Summary: The Pivotal Roles of TIA Proteins in 59 Splice-Site
Selection of Alu Exons and Across Evolution
, Schraga Schwartz1.
, Oren Ram1
, Eduardo Eyras2,3"
*, Gil Ast1"
1 Department of Human Molecular Genetics and Biochemistry, Sackler Faculty of Medicine, Tel-Aviv University, Tel Aviv, Israel, 2 Computational Genomics, Universitat
Pompeu Fabra, Barcelona, Spain, 3 Catalan Institution for Research and Advanced Studies, Barcelona, Spain
More than 5% of alternatively spliced internal exons in the human genome are derived from Alu elements in a process
termed exonization. Alus are comprised of two homologous arms separated by an internal polypyrimidine tract (PPT). In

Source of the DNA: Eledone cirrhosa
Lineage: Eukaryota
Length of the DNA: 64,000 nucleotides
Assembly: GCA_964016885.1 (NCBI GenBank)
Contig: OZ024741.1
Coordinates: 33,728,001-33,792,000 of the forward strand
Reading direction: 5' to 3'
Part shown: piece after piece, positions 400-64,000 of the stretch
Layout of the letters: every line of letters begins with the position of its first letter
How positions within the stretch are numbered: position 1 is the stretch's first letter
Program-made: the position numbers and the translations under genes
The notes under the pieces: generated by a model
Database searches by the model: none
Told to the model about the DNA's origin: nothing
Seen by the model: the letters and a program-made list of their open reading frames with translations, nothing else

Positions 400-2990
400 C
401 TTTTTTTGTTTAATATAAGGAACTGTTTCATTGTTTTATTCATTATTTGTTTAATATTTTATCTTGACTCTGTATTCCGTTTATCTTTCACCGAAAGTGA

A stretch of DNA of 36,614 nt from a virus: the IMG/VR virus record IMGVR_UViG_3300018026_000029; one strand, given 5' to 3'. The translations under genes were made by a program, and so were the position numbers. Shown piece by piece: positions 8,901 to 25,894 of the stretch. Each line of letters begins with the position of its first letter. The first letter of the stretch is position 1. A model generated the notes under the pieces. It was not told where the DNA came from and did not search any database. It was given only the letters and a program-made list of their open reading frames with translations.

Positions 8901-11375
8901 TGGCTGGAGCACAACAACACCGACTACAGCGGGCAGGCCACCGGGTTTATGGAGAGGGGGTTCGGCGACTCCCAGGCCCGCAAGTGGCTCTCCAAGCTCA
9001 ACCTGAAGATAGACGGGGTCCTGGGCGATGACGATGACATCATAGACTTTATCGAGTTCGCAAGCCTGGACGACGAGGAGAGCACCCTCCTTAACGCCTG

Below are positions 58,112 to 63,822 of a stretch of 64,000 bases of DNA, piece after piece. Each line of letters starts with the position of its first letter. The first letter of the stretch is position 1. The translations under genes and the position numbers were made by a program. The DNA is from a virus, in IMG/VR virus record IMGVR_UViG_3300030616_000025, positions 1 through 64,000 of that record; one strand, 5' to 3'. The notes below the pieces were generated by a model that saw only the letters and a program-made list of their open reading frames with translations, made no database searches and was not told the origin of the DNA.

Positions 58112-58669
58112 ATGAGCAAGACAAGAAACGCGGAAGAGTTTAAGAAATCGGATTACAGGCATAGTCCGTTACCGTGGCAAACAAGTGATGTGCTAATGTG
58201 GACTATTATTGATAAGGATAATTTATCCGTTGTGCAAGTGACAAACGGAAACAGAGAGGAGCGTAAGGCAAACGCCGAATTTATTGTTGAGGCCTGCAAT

most exonizations, splice sites are selected from within the same arm. We hypothesized that the internal PPT may prevent
selection of a splice site further downstream. Here, we demonstrate that this PPT enhanced the selection of an upstream 59
splice site (59ss), even in the presence of a stronger 59ss downstream. Deletion of this PPT shifted selection to the stronger
downstream 59ss. This enhancing effect depended on the strength of the downstream 59ss, on the efficiency of base-pairing
to U1 snRNA, and on the length of the PPT. This effect of the PPT was mediated by the binding of TIA proteins and was
dependent on the distance between the PPT and the upstream 59ss. A wide-scale evolutionary analysis of introns across 22
eukaryotes revealed an enrichment in PPTs within ,20 nt downstream of the 59ss. For most metazoans, the strength of the